Meet Cocoa Sarai. She Might Be Your Favorite R&B Singer

"I learned that there’s a demographic for everything, so just be happy."
Cocoa Sarai Interview

Cocoa Sarai should be your favorite singer. The 27-year-old, Brooklyn-born and LA-based R&B act checks every conceivable box: she comes from a musical family, getting her start in the church; she’s a natural vocal talent; she has a reverence for the artists who came before her; she has a strong message; she works alongside her producers and engineers; she’s got a Dr. Dre co-sign; she’s got an Anderson .Paak co-sign. And she knows how to have fun. What’s not to love?

Cocoa Sarai’s latest single, “Coffee In The Morning,” nods to both her spoken word roots and her affinity for jazz. The way Cocoa plays with space while delivering a message of positivity in the face of colorism is both catching and admirable. There’s an elegant vibrancy to her work, with her bubbling vocal tone ensuring the single becomes an instant earworm. The classic flair of her music—her early inspirations range from Billie Holiday and Tina Turner to Lauryn Hill—gives body to the modern twists that make “Coffee In The Morning” so dynamic.

“With ‘Coffee In The Morning,’ it was an a capella first. I wrote [the song] for one of my students,” Cocoa tells me over the phone. “Fast-forward, and my boy Rick Hertz, my longtime production partner, friend, brother, he hears it and does three different things to the a capella and I don’t like it. The fourth time, he does the upright bass line, and I’m like ‘Yes!’ That’s what I heard in my head.”

Cocoa is more than a catchy single, though. She’s got three independently-released albums to her name, with a fourth project on the way. Cocoa’s music is unctuous on its own merit, and within the industry, she’s garnering the right attention. A chance meeting with Dr. Dre put her on Aftermath and Anderson .Paak’s radar. She’s all over Anderson’s Oxnard and toured with the man she now sees as her brother. From their time together, Cocoa learned to “keep it pushing,” because there’s always going to be someone looking to rock with your sound.

“I just have to do what feels good to me,” she says. “Again, working with Anderson, I learned that there’s a demographic for everything, so just be happy.”

Our full conversation, lightly edited for content and clarity, follows below.

DJBooth: How did you realize you had a knack for singing?

Cocoa Sarai: I come from a musical family. My whole family’s in church. I was in church six, seven days a week. My family is the choir, is the band. It’s just a part of my family. So, I’ve been singing since I was two years old.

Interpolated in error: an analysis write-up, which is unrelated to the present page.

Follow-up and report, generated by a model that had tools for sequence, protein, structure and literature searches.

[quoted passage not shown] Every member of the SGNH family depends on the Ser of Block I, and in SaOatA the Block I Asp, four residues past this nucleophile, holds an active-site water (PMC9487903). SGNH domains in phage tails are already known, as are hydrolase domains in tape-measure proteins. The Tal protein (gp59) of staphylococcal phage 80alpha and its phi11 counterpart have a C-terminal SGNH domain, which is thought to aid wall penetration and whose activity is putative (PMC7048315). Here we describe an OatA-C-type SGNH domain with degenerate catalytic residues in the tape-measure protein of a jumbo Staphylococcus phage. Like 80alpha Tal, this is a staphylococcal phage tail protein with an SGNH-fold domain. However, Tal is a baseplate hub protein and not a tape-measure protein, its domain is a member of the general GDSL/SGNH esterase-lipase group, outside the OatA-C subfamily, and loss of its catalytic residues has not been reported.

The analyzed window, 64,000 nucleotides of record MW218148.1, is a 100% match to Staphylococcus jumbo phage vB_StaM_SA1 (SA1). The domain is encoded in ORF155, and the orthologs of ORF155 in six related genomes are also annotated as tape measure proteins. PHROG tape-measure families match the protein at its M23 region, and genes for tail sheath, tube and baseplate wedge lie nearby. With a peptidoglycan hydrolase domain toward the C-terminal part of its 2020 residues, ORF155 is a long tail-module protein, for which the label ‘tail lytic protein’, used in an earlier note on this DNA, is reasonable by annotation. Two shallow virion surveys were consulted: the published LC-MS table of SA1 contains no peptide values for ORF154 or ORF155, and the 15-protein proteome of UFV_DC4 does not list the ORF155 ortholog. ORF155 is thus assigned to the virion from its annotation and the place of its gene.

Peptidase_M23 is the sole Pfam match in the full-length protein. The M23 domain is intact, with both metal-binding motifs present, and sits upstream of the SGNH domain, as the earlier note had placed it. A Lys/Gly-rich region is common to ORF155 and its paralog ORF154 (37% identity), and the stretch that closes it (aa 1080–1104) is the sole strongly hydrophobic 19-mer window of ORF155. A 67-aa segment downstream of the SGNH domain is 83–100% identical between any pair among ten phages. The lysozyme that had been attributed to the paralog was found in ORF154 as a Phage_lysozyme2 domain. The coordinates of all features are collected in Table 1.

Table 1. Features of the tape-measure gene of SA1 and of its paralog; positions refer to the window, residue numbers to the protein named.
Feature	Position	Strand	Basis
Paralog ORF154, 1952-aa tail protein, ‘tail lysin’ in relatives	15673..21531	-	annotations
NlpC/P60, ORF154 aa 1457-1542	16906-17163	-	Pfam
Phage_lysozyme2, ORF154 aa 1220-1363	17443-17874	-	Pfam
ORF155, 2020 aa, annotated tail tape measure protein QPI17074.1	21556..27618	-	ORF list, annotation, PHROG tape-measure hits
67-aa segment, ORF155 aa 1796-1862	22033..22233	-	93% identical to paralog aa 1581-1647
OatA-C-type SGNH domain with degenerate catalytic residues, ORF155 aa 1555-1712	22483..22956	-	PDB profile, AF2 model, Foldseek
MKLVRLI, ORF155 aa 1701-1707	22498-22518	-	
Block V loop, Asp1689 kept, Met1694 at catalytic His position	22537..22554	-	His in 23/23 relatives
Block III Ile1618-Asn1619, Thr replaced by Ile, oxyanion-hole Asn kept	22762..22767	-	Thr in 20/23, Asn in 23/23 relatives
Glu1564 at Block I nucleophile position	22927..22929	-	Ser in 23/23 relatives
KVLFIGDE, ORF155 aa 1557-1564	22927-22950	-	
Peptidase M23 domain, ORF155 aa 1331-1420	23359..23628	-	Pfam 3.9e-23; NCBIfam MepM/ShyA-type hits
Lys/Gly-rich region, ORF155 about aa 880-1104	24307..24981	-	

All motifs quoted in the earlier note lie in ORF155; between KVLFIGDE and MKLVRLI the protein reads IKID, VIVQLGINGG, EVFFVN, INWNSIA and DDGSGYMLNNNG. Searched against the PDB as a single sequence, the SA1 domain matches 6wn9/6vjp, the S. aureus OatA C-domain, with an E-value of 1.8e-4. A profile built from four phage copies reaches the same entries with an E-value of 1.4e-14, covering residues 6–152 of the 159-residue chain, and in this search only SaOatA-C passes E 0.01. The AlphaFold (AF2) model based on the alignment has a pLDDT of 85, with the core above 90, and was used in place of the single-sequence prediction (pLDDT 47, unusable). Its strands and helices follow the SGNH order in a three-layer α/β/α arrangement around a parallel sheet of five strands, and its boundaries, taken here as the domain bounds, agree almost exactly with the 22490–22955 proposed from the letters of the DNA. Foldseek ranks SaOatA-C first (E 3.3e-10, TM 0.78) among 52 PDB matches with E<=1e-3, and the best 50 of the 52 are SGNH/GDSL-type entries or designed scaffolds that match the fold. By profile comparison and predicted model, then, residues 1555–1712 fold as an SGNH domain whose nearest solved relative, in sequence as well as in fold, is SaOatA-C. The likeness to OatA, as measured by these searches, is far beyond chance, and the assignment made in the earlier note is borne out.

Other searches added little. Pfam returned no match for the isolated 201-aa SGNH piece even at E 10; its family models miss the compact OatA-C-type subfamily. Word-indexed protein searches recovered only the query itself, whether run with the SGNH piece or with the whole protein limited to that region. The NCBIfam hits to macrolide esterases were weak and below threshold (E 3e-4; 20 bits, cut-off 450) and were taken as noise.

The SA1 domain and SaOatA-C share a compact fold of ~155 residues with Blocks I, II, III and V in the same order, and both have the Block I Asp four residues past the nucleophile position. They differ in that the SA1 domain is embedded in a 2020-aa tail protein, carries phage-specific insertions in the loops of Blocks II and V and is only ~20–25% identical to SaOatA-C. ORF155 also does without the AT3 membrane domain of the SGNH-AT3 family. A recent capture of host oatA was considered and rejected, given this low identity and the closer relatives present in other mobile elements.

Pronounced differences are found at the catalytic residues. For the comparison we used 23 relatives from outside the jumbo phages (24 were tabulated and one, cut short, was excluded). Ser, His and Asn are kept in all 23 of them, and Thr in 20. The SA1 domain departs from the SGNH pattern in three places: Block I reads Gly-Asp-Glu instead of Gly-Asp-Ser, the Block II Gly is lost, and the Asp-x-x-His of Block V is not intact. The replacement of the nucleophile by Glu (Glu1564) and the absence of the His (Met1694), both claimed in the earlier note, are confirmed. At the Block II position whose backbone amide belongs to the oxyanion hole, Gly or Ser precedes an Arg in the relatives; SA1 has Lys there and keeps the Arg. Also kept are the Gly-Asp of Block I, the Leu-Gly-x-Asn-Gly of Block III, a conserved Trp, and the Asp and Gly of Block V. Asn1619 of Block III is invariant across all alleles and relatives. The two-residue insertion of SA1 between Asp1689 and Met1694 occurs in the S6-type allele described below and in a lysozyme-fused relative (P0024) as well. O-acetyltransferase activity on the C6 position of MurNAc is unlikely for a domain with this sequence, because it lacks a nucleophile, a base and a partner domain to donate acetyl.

Aside from church, what artists influenced your early work and your early style?

Oh, my God! My earliest sound? As a kid, it was Whitney Houston, Tina Turner, Mary J. Blige, Lauryn Hill. It was them. Faith Evans. Nineties R&B… Around high school, I fell in love with jazz, so Billie Holiday. I started listening to neo-soul, too. By the time I got to doing music, between that and all the hip-hop from my mom and coming from Brooklyn… By that time, I started making music, that aggression and the soul of church, and being the only singer in the cypher… It’s hard to pinpoint because it’s a mashup.

As a kid, I realized it wasn’t easy for me to mimic other artists when I was singing their songs. In my neighborhood, they called me Chocolate: “Chocolate could sing anything. Chocolate, sing this.” And I wasn’t a soprano; I’m an alto. If you ask me to sing a Mariah Carey song, I have to make it my own. Even in church, you’re singing the song, and you make it your own. So, I started off making songs my own. And I’m grateful for that. Being in church taught me how to put my genuine feelings into whatever I was singing.

You’re also such a sharp writer. Favorite thing you wrote in the infancy of your career?



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Oh, man! I’m thinking “Raining In My Room” would be the one. I’m a poet first. I do spoken word. I realized that people weren’t as receptive to spoken word as singing. I understand the value of incorporating all of my artistic things into my art, as a full-on experiential [piece]. Back then, I felt like I couldn’t [do that].